Help Plus Infinitive

July 22, 2010

Help Plus Infinitive

I got a question from the Peanut Gallery today. Paul asks:

Many, many years ago when I was learning English, I thought I came across a rule for the use of the verb “help.” There is not supposed to be “to” after help, as in “please help me be a better writer,” as opposed to “please help me to be a better writer.” Which is correct?

They are both acceptable, with the version lacking the word “to” a bit more informal.

In the “help me be” example, the word “be” is called a “bare infinitive,” which means it doesn’t have the customary “to” in front of it. Help is a verb that can be used with or without the “to” and with or without an object before the infinitive (help me be). To be or not to be, that is a “to-infinitive.” Whether ’tis nobler….

Here’s another example where you can use either the to-infinitive or the bare infinitive:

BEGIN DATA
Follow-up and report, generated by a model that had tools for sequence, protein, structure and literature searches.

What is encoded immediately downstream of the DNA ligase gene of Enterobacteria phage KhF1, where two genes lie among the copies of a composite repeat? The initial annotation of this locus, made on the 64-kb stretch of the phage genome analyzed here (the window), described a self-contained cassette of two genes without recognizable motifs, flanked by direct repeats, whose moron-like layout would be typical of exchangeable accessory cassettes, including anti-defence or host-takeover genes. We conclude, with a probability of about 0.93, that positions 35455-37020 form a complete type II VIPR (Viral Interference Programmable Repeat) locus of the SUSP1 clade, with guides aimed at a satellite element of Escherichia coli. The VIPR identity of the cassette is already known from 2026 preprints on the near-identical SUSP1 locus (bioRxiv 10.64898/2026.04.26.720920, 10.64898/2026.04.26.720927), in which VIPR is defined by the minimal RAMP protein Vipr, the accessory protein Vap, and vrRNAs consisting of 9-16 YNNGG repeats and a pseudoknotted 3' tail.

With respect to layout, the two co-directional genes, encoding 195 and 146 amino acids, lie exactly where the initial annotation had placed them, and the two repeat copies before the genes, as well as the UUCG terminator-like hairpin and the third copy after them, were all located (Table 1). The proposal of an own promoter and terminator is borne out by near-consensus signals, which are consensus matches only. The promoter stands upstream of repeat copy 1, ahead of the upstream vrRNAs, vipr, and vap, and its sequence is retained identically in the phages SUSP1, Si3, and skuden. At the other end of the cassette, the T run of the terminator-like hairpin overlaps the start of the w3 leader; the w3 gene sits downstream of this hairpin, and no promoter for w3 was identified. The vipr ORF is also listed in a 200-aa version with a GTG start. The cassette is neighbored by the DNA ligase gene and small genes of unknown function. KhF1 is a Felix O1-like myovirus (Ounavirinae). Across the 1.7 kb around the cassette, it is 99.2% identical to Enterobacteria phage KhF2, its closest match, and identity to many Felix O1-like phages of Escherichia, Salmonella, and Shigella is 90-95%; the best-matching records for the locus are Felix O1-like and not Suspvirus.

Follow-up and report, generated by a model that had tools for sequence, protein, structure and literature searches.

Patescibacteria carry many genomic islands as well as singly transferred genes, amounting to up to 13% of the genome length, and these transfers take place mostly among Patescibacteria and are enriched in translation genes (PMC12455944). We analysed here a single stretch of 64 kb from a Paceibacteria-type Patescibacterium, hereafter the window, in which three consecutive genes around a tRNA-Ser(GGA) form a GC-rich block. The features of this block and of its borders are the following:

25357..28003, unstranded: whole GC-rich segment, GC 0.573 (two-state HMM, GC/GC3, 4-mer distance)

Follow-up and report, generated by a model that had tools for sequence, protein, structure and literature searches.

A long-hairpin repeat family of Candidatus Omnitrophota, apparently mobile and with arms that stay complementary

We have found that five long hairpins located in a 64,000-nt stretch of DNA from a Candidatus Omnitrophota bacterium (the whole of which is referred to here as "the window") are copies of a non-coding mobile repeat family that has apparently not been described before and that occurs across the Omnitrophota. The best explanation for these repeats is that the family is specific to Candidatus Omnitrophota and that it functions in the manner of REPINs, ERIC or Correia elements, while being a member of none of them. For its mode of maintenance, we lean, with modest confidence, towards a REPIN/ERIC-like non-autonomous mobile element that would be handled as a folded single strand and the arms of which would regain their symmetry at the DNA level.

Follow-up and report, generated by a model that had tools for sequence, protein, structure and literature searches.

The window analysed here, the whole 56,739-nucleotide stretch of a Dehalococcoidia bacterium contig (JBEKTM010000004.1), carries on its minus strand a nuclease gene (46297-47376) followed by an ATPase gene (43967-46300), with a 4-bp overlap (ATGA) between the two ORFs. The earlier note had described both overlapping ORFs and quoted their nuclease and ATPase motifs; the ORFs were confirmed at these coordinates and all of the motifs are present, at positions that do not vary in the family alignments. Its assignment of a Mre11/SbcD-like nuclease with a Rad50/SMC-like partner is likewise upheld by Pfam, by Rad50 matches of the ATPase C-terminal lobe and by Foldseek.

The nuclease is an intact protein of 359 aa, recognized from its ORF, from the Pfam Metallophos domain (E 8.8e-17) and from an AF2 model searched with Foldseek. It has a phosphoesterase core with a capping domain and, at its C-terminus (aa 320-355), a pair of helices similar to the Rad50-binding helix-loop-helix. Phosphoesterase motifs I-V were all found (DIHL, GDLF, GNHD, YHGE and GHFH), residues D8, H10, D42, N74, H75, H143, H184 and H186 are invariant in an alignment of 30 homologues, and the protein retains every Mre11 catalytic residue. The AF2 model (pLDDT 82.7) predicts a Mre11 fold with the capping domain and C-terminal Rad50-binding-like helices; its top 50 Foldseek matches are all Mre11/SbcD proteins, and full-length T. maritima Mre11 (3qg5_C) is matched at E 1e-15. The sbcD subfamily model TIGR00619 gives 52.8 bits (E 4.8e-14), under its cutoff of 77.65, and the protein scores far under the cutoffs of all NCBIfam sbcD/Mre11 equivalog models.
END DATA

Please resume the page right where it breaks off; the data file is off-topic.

What they did was circulate the drilling mud prior to cementing the well.

What they did was to circulate the drilling mud prior to cementing the well.

In a series containing more than one infinitive, the second one generally is left bare.

Example: They are planning to drill the well and [to] complete it with a slotted liner.

Oh dear, here comes a song into my head that I’m sure I’ll never get rid of:

“Look for the… BARE infinitives, the simple bare infinitives,

forget about your worries and your strife…..”

(with apologies to The Jungle Book movie maestro)

Gerunds: Nouning a Verb

July 21, 2010

Remember when I got up on my soapbox and ranted about “verbing a noun”?

(Bad Example: trialed)

Well, today I plan to talk about nouning a verb, which is perfectly copacetic.